Mack DM800 Water Truck

I have a build of the AMT Mack DM800 on the go. I found this pic of an old water truck and I wanted to give it a go.
This is the donor kit:

I’m going to try and cut the parts for the tank and pump bracket with a Cricut machine. Here’s a test run on a different design.


Sounds like a cool project Graeme, I love the old Macks! Can you show us the reference image?

Looking forward to progress reports as always.

Cheers, D

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I had read the kit front axle was too wide, and put the front tyres too far outside the guards. I shortened and plated the axle and made up a new tie rod from brass and bits.


These cab parts are a freaking jigsaw! This is going to be an interesting process.


I’ve got the chassis together. Here’s a dry run. Bogie is staying unglued until after plumbing and painting.

I’ve added some plumbing to the engine to add a bit of interest.

After some serious fettling, I think I have got the cab parts to fit together fairly well.

I added some brake lines and valves to the bogie.


This kit reminds me of when I built AMT’s Mack 600 - what struck me odd about that truck, was the engine hood cover was off-set to the rest of the cab. It looked really odd when you looked at the truck from straight-on.

So anyway, Graeme, I was wondering what you’re using as “cable ties” on the various hoses you’ve added. It sort of looks like the metal that is inside a bread package’s twist tie.


Hi Tim, It’s actually the cab that is offset compared to the chassis and bonnet! It’s something to do with the driver being able to place the left side of the truck accurately. The ‘cable ties’ are just fine copper wire from inside an electrical cord. I found some that were quite stiff and so hold together well with just a single knot and then the ends snipped off.

Looks great so far. On some parts it appears to have cast texture, how did you replicate that? Same with the end gaps for your wires?


Hi Tank, The cast texture comes in the kit. I did try and replicate it with Tamiya liquid filler, to hide the ejector pin marks and the reinforcing plate, but it did not work! The pink cable ends are hex glass beads from the local craft shop. They look enough like connectors to me! Graeme.

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Thanks Graeme. What did you use for silver connectors on the green wires?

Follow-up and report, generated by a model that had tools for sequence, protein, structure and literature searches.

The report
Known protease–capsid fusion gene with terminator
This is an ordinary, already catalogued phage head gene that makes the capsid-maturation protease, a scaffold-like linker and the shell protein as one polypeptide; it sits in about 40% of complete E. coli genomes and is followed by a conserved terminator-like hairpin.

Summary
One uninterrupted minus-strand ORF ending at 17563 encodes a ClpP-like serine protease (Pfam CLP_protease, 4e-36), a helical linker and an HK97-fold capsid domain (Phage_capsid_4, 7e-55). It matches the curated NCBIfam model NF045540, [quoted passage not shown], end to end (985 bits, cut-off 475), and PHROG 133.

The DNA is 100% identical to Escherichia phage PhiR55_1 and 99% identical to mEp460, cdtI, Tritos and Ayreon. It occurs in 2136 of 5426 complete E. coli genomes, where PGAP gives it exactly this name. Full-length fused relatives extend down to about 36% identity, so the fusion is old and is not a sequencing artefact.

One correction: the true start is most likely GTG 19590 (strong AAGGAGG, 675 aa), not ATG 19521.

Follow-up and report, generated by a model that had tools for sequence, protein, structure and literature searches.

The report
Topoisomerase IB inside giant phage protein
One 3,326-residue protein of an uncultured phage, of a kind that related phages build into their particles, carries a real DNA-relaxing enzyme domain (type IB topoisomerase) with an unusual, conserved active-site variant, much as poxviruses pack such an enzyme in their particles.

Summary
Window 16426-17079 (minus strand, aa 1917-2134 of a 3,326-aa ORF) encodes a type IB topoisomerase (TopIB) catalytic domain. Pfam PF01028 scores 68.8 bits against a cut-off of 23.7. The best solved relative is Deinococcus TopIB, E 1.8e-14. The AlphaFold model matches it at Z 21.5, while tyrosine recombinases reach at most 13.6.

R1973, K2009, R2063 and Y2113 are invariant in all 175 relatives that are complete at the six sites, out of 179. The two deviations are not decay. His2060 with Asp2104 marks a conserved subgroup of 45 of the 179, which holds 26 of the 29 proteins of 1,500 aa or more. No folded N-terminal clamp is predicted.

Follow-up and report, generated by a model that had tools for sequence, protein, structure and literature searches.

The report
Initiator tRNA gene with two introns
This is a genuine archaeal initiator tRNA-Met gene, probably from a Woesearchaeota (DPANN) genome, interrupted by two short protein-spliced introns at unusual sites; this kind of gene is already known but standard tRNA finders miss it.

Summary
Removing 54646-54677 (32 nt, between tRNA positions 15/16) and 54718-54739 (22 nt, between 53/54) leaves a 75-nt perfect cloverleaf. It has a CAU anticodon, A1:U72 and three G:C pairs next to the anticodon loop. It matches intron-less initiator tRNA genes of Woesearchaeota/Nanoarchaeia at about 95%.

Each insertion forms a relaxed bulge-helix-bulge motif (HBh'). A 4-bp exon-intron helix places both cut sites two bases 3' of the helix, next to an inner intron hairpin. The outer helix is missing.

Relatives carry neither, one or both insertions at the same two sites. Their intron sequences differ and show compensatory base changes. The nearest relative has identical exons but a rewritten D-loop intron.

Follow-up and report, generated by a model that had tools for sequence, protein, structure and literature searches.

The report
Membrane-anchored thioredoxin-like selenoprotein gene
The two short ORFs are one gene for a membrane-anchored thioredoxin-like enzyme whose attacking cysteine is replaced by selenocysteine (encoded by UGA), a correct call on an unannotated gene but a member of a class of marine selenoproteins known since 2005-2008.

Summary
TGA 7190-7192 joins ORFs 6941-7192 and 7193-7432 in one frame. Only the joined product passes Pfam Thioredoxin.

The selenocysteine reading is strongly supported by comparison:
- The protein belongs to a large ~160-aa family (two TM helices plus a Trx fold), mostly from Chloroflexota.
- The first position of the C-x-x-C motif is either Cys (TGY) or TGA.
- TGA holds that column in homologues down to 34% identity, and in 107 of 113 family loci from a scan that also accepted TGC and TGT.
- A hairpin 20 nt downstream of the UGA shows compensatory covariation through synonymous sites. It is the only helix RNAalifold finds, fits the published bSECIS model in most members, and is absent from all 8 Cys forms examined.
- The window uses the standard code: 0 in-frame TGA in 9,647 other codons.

I like to punch a disc out of thin plastic sheets and then use filler to hide ejector pin marks.

Some have used thinned Tamiya putty with Tamiya glue and applied the mix with a stippling technique using a stiff brush.

Silver connectors were from an old necklace. Nice little cylinders. I normally just scrape, fill, sand pin marks, but I was trying to replicate the texture.

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Howdy Graeme, very nice work indeed! Your patience - wow - those brake lines look the part -


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Next stage - Scratching up the water tank using my Cricut machine. I’ll do a cardboard mockup first and then cut the final out of 0.5mm styrene sheet.

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Cardstock mockup of the tank underway…


That looks pretty cool. :+1:

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Let’s see if it works with styrene sheet next!

My buddy builds his 1:1 Jeep fabs with cardboard before cutting steel. Look forward to seeing the results. It’s almost like it can hold water.

Grubby Fingers,
While I’m not a truck type of guy, I do love great modeling, and your truck build is simply amazing. All the details added really make quite a difference, and now your scratched water tank. Now that’s impressive for sure.

I’m just a little confused as to exactly what the machine is that you used to machine the plastic parts. Can you post a few pictures of it?


Hi Joel, Thanks for your kind comments.

The machine is a Cricut Maker. It’s a U.S. brand made in China. It is a computer-controlled knife crafting machine, basically. It can cut up to 2mm thick material like cardboard. I have cut 1mm styrene sheet with it, but I haven’t got it to cut completely through yet. I still have to snap the pieces out of the sheet. You can get different blades for it and one of them is mechanically rotated as it moves around the work. The others are all dragged around so the corners are not as precise. Being a blade cutter, the edges of thicker styrene cuts do have a slightly bevelled edge.

I was mucking around with a hobby-grade laser cutter before this but the results were even worse, with melted, rounded edges. I can use this Cricut machine inside the house. Bonus! It’s pretty quiet, too. U bit like a laser printer.

The pics so-far in this build are using 0.5mm cardboard as a mockup for size, fit and accuracy. I will show the styrene cuts as I make them.


Hi G.,

I’ve seen this Cricut stuff advertised at Michael’s craft stores, but never investigated it. I’m guessing the design software comes with the machine, which you would install on your PC, and then the machine is connected to your PC? Or is it a total standalone device?

For your build, and since you’ve already done a mock-up, maybe you could just keep the tank baffles in cardboard, and then just make the tank exterior out of styrene? The mock-up looks good, and I don’t think anyone is going to know if the interior tank parts are cardboard!

Looking forward to what happens next!